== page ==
A Chinese research team has designed a perovskite solar cell with a new ligand known as 3-amidinopyridine. These molecules are said to be able to effectively reduce anion vacancy defects, which ensures higher power conversion efficiency and remarkable stability.
The new method, which they described as a one-stone-two-birds strategy, used a ligand known as 3-amidinopyridine (3AP) to attach anions to the device. Anions can control the nucleation and growth of perovskite crystals and act as a passivating agent to improve crystallinity, ensuring better efficiency.
The researchers claim that the 3AP molecules deposited on the perovskite layer are able to form strong chemical bonds with the cell’s lead(II) iodide (Pb-I) interlayer, thus creating a durable anchoring effect.
“We found that the 3AP molecules were arranged parallel and antisymmetrically between the Pb-I frameworks with a short interlayer distance of 3.45 angstrom(Å), which is much shorter than that obtained with previously reported ligands, leading to unique coordination within the crystals, they explained.
The researchers built the cell on a substrate made of tin oxide (FTO), titanium oxide (TiO2) electron transport layer, halide perovskite known as α-formamidinium lead iodide known as α-FAPbI3, spiro-OMeTAD hole transport layer, and a gold (Au) metal contact.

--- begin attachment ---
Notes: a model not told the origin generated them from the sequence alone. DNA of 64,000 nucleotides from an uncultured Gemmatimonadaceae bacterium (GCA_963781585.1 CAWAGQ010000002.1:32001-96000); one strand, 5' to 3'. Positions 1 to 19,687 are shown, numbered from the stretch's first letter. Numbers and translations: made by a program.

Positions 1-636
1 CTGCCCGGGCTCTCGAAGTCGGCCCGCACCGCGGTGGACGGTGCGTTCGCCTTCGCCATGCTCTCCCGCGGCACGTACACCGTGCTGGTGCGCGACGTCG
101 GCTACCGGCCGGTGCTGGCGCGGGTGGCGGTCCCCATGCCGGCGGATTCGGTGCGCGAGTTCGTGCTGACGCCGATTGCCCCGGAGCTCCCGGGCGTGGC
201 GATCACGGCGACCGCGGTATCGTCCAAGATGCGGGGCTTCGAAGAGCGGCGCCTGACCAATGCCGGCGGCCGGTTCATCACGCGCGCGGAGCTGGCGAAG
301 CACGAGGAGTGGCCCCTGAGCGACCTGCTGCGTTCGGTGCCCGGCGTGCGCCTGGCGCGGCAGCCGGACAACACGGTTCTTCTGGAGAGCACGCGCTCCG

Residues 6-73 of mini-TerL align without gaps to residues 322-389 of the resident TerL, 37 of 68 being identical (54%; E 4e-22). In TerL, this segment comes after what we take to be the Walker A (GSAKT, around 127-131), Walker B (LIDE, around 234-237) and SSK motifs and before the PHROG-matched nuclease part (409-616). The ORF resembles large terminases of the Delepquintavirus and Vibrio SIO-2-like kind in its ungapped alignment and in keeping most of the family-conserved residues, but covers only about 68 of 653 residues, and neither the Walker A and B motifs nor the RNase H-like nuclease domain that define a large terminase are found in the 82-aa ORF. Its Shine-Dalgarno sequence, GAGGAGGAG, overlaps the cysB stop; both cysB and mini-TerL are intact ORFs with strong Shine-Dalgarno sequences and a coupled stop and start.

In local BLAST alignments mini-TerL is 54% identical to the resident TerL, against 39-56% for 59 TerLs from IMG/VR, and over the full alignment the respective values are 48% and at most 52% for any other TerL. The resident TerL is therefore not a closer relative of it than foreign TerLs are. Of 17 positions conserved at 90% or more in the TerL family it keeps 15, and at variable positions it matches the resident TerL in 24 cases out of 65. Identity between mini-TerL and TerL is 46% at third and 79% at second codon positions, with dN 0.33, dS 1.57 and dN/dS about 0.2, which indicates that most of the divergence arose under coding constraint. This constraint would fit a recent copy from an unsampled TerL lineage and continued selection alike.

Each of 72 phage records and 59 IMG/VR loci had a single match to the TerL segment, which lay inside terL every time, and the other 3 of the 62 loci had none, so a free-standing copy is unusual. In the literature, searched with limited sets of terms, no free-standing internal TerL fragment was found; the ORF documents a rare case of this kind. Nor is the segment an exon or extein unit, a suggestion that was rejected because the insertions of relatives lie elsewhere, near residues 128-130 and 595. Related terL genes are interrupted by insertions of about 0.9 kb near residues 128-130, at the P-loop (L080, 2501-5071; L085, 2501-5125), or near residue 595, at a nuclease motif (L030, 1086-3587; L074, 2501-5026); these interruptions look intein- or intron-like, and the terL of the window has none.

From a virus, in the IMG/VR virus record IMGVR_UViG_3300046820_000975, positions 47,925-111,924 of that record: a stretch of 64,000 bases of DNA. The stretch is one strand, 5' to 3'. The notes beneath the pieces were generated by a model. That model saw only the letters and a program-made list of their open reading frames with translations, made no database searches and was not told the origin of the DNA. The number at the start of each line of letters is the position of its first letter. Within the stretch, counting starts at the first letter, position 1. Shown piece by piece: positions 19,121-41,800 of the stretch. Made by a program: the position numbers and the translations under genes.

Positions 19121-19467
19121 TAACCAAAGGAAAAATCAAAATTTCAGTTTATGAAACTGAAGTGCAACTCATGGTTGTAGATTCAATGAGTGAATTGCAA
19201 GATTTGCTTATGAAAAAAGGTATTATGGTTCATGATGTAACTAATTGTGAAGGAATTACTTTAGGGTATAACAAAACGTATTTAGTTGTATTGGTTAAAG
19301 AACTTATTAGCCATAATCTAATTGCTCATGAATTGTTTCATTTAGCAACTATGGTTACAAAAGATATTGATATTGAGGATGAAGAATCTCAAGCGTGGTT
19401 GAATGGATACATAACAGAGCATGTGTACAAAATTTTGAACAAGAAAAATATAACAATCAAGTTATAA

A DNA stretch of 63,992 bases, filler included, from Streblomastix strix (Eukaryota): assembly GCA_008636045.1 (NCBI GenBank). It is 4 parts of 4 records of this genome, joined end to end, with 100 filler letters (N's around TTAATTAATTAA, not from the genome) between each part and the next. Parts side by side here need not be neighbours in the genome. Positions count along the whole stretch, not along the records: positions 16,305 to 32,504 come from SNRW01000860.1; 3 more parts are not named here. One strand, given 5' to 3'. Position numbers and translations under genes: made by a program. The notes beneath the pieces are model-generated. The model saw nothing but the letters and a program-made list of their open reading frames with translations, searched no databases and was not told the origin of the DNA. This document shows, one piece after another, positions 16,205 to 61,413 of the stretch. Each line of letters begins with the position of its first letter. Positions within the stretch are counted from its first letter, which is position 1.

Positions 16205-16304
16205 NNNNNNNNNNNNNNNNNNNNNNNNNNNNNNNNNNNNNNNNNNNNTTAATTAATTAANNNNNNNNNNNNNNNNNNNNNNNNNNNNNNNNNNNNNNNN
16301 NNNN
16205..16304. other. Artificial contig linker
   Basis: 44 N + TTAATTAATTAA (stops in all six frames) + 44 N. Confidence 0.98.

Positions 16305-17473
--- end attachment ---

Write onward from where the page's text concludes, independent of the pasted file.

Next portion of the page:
They evaluated the performance of the device using density functional theory (DFT) calculations and compared it to a reference cell utilizing commonly used large organic ligands such as 2-phenethylammonium (PEA) and n-butylammonium (BA).
The team found that the 3AP-based cell achieved a maximum power conversion efficiency of 25.3%, an open-circuit voltage of 1.181 V, and a short-circuit current of 26.04 mA cm.−2and a fill factor of 82.21%. The reference cell without 3AP molecules achieved an efficiency of 22.76%, an open circuit voltage of 1.123 V, a short circuit current of 24.94 mA cm−2and a fill factor of 81%.
With further measurements, the researchers also verified that the 3AP-based cell without encapsulation was able to retain 92% of its original efficiency after 5000 hours of exposure under ambient conditions. “Anion-vacancy defect engineering through strong molecular-perovskite coordination provides an efficient and simple solution to increase both the efficiency and stability of perovskite solar cells,” they concluded.
They presented a new anion defect control strategy in a study published in “One stone for two birds strategy achieves more than 25% perovskite solar cells” nature communication. “Our findings provide an efficient chemical strategy for the facile fabrication of high-performance stable perovskite solar cells and may potentially be applied to other perovskite optoelectronic devices,” they concluded.